Arts & Leisure

07/02/2020
Editor’s note: This is part of a series of stories and photos by Neshobe Elementary School students in reaction to their spring spent distance learning. Sigourney Brodowski — Age 7 This picture shows me and a mural on the wall of our porch. I designed it and I am painting the mural right now. I work on it once a day during a time that I would normally be at school with Ms. Leary. It’s important to me because when I look at the mural it kind of reminds me of school. In the mural there is a school (not painted yet), a bear, a school bus and a girl. Staying home has been nice because we have...
07/02/2020
Editor’s note: This is part of a series of stories and photos by Neshobe Elementary School students in reaction to their spring spent distance learning. Odin Waldie (Braeden’s little brother) I am 7 years old and I have gone to Leicester School for three years. Every Memorial Day our whole school walks down the road to the cemetery. We each carry a flag to wave on the way and most of us bring lilacs to leave on the graves there. We always sing songs and read poems or things we have written. The fourth-graders place a wreath to honor the veterans who have died. Then a bugle plays and we...
07/02/2020
Editor’s note: This is part of a series of stories and photos by Neshobe Elementary School students in reaction to their spring spent distance learning. Silas Waldie (Braeden’s other little brother) I just turned 6 and finished kindergarten at home because of the bad virus. Online classes were scary. Everybody’s pictures were on the screen looking at me. Mostly I stood across the room looking out the window and listened to my friends talking. After a few times I answered my teacher’s questions with the camera off, so no one could see me. At school I liked sitting on the rug. I could talk to...
07/02/2020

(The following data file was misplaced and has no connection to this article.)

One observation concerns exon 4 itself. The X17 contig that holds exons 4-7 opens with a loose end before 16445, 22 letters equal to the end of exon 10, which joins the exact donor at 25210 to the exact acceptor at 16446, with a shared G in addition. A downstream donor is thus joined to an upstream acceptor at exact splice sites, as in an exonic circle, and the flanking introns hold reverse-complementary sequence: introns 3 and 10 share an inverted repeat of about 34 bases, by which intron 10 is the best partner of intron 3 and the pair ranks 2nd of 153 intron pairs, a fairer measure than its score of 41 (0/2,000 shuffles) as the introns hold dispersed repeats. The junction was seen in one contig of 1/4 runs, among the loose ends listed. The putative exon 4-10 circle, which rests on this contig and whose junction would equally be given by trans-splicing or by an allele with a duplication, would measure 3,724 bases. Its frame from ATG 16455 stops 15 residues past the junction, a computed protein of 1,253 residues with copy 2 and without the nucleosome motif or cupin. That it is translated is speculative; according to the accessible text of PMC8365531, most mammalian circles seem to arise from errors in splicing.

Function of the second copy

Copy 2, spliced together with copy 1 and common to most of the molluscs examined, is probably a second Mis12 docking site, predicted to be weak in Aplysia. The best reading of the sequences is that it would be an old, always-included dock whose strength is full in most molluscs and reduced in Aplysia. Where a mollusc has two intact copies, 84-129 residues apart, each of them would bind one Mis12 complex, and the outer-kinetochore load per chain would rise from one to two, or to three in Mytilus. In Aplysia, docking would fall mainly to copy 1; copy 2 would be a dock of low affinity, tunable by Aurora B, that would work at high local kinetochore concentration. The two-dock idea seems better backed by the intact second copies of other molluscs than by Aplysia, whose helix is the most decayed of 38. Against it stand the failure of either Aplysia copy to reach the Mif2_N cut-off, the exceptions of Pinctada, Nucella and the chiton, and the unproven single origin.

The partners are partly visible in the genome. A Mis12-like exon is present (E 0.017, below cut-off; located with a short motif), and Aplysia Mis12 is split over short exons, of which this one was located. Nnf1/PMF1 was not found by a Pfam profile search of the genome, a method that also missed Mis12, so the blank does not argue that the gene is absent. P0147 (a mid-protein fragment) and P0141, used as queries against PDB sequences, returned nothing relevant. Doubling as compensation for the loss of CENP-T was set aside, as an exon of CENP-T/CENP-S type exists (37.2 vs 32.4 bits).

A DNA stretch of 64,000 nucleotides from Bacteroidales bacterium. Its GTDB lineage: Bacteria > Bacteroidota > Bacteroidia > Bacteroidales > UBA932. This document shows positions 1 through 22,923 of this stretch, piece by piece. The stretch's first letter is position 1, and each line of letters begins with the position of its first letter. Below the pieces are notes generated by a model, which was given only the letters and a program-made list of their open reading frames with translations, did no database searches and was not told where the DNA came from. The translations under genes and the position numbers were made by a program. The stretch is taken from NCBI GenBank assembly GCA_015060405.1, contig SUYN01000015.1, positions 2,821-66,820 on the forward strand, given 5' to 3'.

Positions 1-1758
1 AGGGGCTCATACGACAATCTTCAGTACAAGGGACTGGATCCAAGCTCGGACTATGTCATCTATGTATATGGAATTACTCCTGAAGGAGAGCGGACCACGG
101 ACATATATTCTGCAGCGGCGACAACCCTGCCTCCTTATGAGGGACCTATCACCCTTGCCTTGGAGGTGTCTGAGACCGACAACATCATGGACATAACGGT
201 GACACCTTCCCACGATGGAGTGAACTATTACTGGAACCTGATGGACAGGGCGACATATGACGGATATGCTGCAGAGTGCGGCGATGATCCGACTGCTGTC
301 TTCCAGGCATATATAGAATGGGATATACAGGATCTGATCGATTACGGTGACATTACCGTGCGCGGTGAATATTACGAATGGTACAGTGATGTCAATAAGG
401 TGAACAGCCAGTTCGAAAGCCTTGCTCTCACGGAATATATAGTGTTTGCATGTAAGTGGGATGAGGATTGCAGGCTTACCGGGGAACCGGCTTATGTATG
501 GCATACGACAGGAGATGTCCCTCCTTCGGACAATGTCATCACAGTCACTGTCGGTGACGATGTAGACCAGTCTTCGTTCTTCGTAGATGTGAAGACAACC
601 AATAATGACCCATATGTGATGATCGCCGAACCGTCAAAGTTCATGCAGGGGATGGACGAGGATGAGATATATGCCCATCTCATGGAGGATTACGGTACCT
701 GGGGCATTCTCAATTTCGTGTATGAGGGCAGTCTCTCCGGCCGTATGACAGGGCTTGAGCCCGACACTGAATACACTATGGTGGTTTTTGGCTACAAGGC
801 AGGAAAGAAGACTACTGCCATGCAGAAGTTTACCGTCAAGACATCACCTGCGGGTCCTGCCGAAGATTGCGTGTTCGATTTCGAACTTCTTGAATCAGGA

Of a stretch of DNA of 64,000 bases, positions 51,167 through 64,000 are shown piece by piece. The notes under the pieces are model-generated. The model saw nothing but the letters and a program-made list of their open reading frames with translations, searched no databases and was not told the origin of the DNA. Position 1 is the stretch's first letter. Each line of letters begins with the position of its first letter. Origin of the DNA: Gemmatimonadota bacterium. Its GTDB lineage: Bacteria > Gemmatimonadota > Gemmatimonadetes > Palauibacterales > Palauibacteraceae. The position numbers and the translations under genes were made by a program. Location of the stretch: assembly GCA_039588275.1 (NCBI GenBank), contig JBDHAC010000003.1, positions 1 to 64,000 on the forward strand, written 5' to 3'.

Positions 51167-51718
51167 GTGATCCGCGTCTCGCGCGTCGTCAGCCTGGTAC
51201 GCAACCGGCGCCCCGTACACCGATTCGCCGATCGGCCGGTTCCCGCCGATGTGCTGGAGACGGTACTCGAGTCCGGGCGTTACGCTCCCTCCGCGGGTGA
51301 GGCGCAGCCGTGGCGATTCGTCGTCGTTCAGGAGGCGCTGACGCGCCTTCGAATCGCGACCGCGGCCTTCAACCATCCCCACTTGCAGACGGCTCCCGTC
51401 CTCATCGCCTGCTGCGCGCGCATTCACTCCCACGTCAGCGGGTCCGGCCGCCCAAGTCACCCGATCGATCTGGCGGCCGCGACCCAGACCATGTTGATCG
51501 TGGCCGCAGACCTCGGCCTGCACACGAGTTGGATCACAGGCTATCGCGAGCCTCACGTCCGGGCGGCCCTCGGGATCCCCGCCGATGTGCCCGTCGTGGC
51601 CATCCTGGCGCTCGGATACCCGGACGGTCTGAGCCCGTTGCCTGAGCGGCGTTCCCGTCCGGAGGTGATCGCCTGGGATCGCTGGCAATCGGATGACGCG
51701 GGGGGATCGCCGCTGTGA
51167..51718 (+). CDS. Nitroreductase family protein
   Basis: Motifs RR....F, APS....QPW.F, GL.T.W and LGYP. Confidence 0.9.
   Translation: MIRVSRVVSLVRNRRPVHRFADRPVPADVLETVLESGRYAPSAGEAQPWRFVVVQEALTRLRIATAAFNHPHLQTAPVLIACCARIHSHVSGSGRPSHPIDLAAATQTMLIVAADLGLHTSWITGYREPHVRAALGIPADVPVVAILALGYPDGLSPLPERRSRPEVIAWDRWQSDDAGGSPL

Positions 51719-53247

(Tor Teen) To amplify Black voices, it is important to read beyond the (still very important) contextual Black history and anti-racism books; it is important to read great stories that are written by Black authors with captivating Black characters, like this one. The secretly magical teens at the heart of this story engage with and comment on some of the same social issues we are grappling with today: racism, prejudice and oppression. In Tavia and Effie’s world, not all teens are treated equally. Sirens are forced to hide themselves, or wear silencing collars, to avoid persecution. Tavia, a...

JAPANESE BARBERRY, A popular landscaping plant, is a haven for ticks and should be replaced. Courtesy photo
07/02/2020
The Rutland Chapter of UVM Extension Master Gardeners has some concerns about a common ornamental plant that you may have on your property. The Japanese barberry is a spiny shrub that in the past 30 years became a popular landscape plant, chosen for its red autumn foliage and red berries in winter, and because it is deer resistant. The plant has virtually no predators or natural deterrents, and its thorns put off most animals that might graze on it. Why is Japanese barberry a problem?  Japanese barberry is originally from Asia, and consequently does not have natural enemies or competition in...

HISTORIC FORT TICONDEROGA, a British stronghold captured by the Green Mountain Boys in the American Revolution, sits on 2,000 acres in New York across Lake Champlain from Addison County, Vermont. It opened for visitors this week. Photo credit Carl Heilman II, © Fort Ticonderoga
07/02/2020